Sam: It can be really cathartic for the patient to just recollect sometimes, and quite often at the end of the interview they’ll say ‘I didn’t realise I’d remember all this stuff!’ and they’re generally very appreciative of having that chance. It’s really worthwhile in itself, even if there wasn’t a recording at the end of it, just the interview process can be very rewarding.

Michelle: So we want to continue and grow!

We’ve touched on this already, but the work that you do with the photographer and Sam, your interest in audio – do you think using different mediums helps to tell a story more effectively?

Sam: Definitely, yes. I think it’s brilliant that we have the photographer, Karen Hitchlock, to work alongside us. It’s not always the case that someone will want a photograph and an interview, but quite often they complement each other really well. It’s really good just to have another creative outlet for people.

[pull_quote align=”left”]”It goes back to the woman right at the beginning in Sunderland, who said ‘we’ve got photos, but we don’t have voices’ – that’s what guides us.”[/pull_quote]

Michelle: We both work with the interviewee on the representation of themselves. Karen will work with them to make sure they’re happy with what’s produced, so she will ask if they want any photoshopping doing and some do, some don’t. We do the same – so they get a copy of the CD straight after to listen to and if there’s anything they want to remove or to add, then they can do that.

Sam: We will make edits. It’s key that it’s audio rather than video. Video brings a whole new set of skills – lighting etc. it’s much more complicated and actually, what has come out of our research over and over again is the power of the voice. Especially to family and friends, to have that voice recording.

Michelle: It goes back to the woman right at the beginning in Sunderland, who said ‘we’ve got photos, but we don’t have voices’ – that’s what guides us. Macmillan Cancer Support funded us because one of their user representatives, Roberta Lovick, sits on, the Macmillan Palliative Care Collaborative, she lost her daughter a few years earlier and she was very persuasive in saying how important it is, voices are key. Video isn’t always what people want either.

Sam: We use industry standard digital recorders, lapel mics which are quite subtle – it all means it’s very good quality. We’re aiming at BBC Radio 4 standard!

Tell us more about how you see the project progressing and growing over the next few years.

[pull_quote align=”right”]”We would be happy for scholarly research on the archive to take place, they all have consent for research access and it would be nice to see them used in that way.”[/pull_quote]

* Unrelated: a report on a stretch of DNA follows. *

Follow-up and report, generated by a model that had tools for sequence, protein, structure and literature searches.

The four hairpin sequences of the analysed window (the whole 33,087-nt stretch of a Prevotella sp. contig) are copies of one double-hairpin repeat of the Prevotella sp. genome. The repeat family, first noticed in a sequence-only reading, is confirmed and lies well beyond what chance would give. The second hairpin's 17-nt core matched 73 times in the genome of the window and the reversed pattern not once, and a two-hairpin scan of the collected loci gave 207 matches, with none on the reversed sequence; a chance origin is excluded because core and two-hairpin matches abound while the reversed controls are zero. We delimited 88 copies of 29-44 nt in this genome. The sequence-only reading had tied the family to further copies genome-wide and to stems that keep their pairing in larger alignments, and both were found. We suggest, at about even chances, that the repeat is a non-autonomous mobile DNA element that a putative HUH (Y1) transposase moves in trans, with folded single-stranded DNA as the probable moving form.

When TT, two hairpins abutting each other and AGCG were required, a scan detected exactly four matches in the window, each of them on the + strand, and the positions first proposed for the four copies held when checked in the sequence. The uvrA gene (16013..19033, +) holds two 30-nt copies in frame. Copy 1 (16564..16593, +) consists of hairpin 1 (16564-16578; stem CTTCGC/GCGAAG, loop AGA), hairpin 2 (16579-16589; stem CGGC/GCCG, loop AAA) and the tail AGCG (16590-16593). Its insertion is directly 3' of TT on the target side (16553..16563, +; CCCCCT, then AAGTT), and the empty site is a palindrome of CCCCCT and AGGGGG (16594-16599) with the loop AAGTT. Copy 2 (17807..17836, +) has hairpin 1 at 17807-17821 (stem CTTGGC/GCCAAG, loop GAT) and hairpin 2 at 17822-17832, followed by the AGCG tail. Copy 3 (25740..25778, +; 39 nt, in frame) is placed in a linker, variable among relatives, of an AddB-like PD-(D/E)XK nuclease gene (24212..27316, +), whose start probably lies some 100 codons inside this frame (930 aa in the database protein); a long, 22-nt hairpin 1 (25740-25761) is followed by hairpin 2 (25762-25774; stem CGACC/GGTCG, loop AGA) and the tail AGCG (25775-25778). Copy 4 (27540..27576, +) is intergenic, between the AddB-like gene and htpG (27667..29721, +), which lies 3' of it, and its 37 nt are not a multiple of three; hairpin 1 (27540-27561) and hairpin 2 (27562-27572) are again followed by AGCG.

Michelle: Our ideal would be to be able to work in the wider hospital – so anywhere in Sheffield Teaching Hospitals. We’re also working on funding bids to work nationally. Within the unit though, it’s just to generate more interviews, maybe work in the community, and to give our volunteers a really good experience. One of the big problems with the service as a volunteer is that we can’t guarantee interviews – so there might be three one week, none for a month. It’s just the way it is. To keep them on board during that time and make them feel valued, we need to put a lot of work into that, to strengthen that experience. We have some fabulous volunteers who don’t demand much of us and seem happy to stay with us, which is great. So to develop within ourselves, strengthen what we do, but also to spread would be fantastic.

Sam: I just hope that it continues to grow really. In terms of oral history as a discipline, it became popular in the 60s and 70s but it’s starting to be seen in new ways. In the new digital world, we need to look at how oral history can stay relevant and inform new digital practice, I think it’s a really interesting area. We’re thinking about how we can represent ourselves online but that obviously has a lot of ethical considerations. In the archive we have a lot of rich stories and social history. We have to be very sensitive about how that information is shared, if at all, but it would be nice to be able to share more of those stories. For instance, people working in factories in Sheffield, working in the steel industry, the Sheffield blitz –How do we unlock that potential in an ethical way?

Michelle: The important thing for the Medical Humanities audience is that our archive has got permission for researchers to access the archive. We would be happy for scholarly research on the archive to take place, they all have consent for research access and it would be nice to see them used in that way.

[message_box icon=”link”]FIND OUT MORE:

Oral History in Palliative Care
Sheffield Hospitals Charity
The Oral History Society


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If you are interested in finding out more about oral history in palliative care please contact us…

Dr Michelle Winslow (Macmillan Oral History Lead) –

Dr Sam Smith (Oral History Project Coordinator) –